Get a glimpse inside the e-book "The complete patch management book" by Anne Stanton, president of Norwich Group,...
and Susan Bradley, Microsoft Small Business Server MVP. This series of book excerpts will help you navigate Chapter 1, "What is patch management?," courtesy of Ecora. Click for the complete book excerpt series.
Definition of Microsoft patches
In the Microsoft world, patch management included all of the following types of new code introductions:
- Critical Update: This is not a security update but a fix for an issue in broadly applied software. It is publicly available and has an accompanying knowledge base article.
- Driver Update: This updates software that supports and controls hardware. Driver updates may come from either the software vendor or the hardware vendor.
- Feature Pack: Software package that includes non-critical additions to the base software program. It typically appears between major releases.
- Hotfixes: Patches built to address specific issues. Recipients may not distribute hotfixes outside their organizations without written authorization from Microsoft. Get them FREE by calling Microsoft Product Support Services. Hotfixes do not receive the regular testing process.
- Security Update: This is what we traditionally refer to in patch management circles. There is a severity rating included with each update, as is a security bulletin discussing the issue and a Knowledge Base article describing the patch in detail.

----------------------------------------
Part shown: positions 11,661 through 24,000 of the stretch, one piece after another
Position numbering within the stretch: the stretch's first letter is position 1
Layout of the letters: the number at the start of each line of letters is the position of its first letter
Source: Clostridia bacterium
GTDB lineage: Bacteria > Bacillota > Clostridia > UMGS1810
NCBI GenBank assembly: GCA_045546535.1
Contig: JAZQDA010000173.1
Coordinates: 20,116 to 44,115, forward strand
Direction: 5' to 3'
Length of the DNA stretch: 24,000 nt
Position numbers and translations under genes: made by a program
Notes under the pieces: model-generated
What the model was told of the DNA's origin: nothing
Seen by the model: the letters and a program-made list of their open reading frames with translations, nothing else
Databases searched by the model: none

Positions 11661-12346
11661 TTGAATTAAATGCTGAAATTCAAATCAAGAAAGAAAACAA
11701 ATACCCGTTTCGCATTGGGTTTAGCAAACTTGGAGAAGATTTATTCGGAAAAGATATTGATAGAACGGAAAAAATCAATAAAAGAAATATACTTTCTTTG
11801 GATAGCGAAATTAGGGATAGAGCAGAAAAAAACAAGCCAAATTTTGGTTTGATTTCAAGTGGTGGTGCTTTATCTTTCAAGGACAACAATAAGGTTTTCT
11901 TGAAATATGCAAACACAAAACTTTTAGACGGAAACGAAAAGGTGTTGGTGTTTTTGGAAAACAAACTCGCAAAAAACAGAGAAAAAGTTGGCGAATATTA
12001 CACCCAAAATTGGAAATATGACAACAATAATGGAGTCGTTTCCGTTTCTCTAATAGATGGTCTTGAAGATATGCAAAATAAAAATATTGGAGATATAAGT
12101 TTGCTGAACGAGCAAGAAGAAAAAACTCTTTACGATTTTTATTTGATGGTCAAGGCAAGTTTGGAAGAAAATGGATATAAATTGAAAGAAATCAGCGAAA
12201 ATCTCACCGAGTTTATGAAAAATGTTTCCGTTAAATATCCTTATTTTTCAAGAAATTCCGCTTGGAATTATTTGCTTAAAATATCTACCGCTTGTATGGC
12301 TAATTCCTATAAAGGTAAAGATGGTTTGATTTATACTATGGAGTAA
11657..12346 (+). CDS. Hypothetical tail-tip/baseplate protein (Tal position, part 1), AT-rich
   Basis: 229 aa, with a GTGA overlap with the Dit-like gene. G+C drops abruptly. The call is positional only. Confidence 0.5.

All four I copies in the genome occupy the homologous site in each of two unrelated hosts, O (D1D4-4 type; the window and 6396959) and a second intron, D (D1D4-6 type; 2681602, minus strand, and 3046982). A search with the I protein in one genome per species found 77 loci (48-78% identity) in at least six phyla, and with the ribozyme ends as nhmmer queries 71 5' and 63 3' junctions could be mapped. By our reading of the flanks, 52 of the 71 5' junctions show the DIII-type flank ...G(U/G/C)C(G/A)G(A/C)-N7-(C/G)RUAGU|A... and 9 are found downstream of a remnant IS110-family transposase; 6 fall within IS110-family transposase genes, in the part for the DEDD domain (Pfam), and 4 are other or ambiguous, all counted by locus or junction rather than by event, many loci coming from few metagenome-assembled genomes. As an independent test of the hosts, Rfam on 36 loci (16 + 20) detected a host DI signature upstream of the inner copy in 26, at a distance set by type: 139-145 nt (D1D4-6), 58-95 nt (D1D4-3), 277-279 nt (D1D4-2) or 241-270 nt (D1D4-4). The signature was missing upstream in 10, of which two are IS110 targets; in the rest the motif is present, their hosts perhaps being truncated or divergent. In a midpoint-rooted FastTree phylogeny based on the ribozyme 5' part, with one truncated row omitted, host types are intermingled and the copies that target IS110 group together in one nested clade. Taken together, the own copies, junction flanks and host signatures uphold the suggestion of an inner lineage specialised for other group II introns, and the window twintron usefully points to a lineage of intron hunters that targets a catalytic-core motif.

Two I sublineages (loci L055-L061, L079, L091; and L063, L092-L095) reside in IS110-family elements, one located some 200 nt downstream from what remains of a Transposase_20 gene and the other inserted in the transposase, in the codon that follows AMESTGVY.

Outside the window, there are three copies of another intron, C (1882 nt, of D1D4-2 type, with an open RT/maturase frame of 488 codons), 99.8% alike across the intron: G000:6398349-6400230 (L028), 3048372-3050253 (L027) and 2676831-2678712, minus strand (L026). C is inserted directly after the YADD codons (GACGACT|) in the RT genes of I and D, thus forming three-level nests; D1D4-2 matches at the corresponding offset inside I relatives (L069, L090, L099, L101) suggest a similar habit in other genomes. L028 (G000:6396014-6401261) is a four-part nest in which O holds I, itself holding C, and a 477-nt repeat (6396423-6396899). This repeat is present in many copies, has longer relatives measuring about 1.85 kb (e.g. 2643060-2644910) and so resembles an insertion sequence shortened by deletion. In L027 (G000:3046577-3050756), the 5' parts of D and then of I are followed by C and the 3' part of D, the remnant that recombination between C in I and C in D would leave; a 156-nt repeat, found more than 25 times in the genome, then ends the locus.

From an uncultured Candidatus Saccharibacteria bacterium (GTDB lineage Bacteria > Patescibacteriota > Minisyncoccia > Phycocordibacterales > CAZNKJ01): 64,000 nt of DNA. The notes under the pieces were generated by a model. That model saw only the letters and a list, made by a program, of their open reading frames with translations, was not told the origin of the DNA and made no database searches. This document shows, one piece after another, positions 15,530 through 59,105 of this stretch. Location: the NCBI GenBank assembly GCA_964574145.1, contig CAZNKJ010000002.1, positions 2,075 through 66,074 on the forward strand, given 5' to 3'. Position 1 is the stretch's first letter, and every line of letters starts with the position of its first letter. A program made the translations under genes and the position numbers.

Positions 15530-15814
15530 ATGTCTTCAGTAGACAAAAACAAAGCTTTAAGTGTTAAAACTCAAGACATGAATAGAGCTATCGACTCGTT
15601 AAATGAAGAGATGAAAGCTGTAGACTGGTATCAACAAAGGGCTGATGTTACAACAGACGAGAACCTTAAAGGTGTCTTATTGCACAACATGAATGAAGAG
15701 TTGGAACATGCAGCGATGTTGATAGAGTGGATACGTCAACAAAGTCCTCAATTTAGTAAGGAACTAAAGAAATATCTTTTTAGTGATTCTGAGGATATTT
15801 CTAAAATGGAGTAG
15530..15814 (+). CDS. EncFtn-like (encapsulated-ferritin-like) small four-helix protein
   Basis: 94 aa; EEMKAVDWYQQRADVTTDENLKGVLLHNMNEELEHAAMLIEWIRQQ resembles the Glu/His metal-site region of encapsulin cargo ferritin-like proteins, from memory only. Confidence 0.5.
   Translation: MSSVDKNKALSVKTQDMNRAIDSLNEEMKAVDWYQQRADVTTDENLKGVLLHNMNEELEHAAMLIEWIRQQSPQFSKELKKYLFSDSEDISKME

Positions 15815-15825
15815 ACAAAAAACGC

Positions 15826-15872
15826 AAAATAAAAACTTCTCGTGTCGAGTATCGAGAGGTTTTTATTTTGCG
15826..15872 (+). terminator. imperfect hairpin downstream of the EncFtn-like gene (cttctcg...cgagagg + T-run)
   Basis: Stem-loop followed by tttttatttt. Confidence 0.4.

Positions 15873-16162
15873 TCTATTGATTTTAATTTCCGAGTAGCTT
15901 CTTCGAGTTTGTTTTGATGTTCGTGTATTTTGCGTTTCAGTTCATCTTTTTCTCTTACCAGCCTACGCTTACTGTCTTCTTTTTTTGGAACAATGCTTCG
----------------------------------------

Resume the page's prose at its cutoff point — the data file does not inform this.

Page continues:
- Service Packs: These are cumulative packages of hotfixes, security updates, critical updates and updates. A service pack undergoes both internal and external testing.
- Software Update: This is any update, update rollup, service pack, feature pack, critical update, security update or hotfix.
- Update: This addresses a non-critical, non-security issue.
- Update Rollup: This is a cumulative package of hotfixes, security updates, critical updates and updates, collectively tested for easy deployment.
- Upgrade: This software updates and upgrades an application to a newer version while keeping the settings and data from the prior program.
Each of these categories requires the same process and procedures of testing, acceptance and management sign off. Each must go through a process no matter the size of an organization. We will spend the bulk of our time in this document on security updates.
Footnotes: "Description of the standard terminology that is used to describe Microsoft software updates," (Redmond, WA: Microsoft, Inc., 2004).
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